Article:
Updated Monday, July 20 11:25 a.m.

HOBOKEN, N.J. (CBSNewYork) — Local destruction after Superstorm Sandy prompted a team of student architects and engineers to come up with a new plan for coastal communities that are at risk during natural events.

CBS2’s Meg Baker toured one of the storm-resistant homes. It is a house built to last – armored against extreme weather – courtesy of students from the Stevens Institute of Technology.

“When Sandy hit Hoboken … at Stevens, we really wanted to respond,” said faculty adviser John Nastasi.

The students are participating in the U.S. Department of Energy’s Solar Decathlon – a competition to build a solar-powered home. They are taking the challenge to the next level, designing a storm-resistant home in response to Sandy.

“We’re adding to it a plastic sheathing that allows us to be waterproof around our walls,” said Stevens Institute graduate student A.J. Elliot. “And we’re also using a lot of materials from the marine industry — fiber composite materials — to be both flood-proof as well as resilient towards debris that might be flying at the house.”

Their project is called the SU+RE House. The acronym stands for SUstainable and REsilient.

Depending on what flood zone one is in, it is suggested that a home be raised eight to 12 feet. But the SU+RE House is raised only three feet and acts more like a boat anchored to the ground.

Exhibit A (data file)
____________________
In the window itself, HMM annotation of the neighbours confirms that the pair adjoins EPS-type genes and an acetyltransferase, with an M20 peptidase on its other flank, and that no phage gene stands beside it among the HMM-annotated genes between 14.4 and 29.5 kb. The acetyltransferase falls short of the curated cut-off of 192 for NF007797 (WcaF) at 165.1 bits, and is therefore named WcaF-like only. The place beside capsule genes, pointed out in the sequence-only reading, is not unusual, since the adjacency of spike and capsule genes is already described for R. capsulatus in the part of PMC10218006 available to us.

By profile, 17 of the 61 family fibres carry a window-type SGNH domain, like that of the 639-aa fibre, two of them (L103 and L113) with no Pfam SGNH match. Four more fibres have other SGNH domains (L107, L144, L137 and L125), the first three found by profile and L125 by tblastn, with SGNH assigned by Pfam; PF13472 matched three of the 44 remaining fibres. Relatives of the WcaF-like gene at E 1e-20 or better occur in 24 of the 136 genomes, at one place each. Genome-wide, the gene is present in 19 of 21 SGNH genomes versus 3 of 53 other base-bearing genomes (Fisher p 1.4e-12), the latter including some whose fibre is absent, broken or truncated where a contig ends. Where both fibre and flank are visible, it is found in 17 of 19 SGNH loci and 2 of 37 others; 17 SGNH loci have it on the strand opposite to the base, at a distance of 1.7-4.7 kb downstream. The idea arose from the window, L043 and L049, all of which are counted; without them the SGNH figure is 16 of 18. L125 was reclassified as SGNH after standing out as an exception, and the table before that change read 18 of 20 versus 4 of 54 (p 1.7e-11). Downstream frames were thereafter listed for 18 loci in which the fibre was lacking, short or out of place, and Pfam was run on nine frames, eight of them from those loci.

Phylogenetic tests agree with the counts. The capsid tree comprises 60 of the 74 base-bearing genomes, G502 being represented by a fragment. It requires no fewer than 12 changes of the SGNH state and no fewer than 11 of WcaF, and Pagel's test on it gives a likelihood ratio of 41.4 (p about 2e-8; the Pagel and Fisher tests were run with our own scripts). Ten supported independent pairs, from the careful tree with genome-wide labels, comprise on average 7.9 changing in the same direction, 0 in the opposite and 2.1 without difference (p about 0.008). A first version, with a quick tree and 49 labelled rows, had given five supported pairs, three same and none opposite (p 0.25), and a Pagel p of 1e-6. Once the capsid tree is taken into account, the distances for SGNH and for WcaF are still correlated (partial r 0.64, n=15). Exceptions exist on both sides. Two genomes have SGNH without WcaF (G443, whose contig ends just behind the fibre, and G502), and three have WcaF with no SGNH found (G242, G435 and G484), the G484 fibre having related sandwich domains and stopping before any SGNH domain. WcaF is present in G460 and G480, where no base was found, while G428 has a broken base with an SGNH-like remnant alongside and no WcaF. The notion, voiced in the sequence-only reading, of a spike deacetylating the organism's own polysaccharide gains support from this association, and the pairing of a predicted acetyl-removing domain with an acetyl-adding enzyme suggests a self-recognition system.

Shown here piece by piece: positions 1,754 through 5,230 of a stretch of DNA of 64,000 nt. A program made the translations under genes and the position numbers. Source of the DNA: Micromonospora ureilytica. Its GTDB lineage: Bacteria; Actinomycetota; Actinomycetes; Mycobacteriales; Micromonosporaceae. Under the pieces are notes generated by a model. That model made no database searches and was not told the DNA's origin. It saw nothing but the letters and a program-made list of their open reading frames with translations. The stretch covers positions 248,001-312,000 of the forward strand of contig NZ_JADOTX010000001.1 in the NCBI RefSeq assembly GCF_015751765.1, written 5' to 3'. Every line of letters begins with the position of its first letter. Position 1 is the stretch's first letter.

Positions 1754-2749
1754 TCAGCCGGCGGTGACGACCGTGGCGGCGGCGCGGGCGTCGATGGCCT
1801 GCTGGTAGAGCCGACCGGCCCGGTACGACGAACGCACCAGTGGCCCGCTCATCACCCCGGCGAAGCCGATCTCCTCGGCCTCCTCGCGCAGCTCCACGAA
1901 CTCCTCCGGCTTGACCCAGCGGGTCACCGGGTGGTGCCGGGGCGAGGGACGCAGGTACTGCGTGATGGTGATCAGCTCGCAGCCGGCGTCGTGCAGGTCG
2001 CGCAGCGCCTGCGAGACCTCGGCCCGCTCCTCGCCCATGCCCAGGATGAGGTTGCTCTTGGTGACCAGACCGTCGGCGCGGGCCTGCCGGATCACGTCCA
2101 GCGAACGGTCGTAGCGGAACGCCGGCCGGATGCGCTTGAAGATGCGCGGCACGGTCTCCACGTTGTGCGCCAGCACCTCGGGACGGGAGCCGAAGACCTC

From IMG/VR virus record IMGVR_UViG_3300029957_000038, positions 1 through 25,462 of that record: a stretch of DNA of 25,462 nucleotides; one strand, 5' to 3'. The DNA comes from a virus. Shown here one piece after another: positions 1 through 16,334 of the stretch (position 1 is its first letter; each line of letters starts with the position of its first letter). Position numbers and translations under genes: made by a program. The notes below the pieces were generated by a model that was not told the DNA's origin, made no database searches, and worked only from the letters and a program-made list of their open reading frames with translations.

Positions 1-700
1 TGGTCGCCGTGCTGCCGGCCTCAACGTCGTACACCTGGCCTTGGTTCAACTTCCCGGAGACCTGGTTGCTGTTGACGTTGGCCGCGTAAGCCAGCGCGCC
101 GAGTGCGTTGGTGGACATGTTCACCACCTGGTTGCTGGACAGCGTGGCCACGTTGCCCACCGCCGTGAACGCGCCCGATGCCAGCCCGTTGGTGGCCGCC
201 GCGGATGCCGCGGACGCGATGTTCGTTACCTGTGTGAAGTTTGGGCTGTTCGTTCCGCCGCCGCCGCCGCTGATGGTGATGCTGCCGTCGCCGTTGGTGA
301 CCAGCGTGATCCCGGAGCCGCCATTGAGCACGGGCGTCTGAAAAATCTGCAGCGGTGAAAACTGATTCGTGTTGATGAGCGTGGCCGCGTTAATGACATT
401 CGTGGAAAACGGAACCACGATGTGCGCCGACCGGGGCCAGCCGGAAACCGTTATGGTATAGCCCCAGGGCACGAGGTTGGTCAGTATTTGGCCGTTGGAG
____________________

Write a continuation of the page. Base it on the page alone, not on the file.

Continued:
“This house is not designed for wave action right on the coast, but for rising tides; buoyancy,” Elliot said.

Architectural graduate student Chris Hamm gave Baker a tour. The house cost about $350,000 to build, which he said was more cost-effective than raising a home or having to rebuild after a major storm.

“Walking through a community where people can be out on their porch, near the street, is completely different from a situation where you’re 10 feet off ground,” Hamm said.

The SU+RE House is airtight, with storm shutters that might be seen on a yacht.

The house will first travel to California for the competition, but will end up living permanently in the Borough of Seaside Park as a community center.

The SU+RE House powers itself with clean solar power, and in the aftermath of a storm, it can become a hub of emergency power for the surrounding neighborhood.

“The roof’s solar panels provide all the house power,” Elliot told WCBS 880’s Sean Adams. “We end up giving more to the power grid than we ever take.”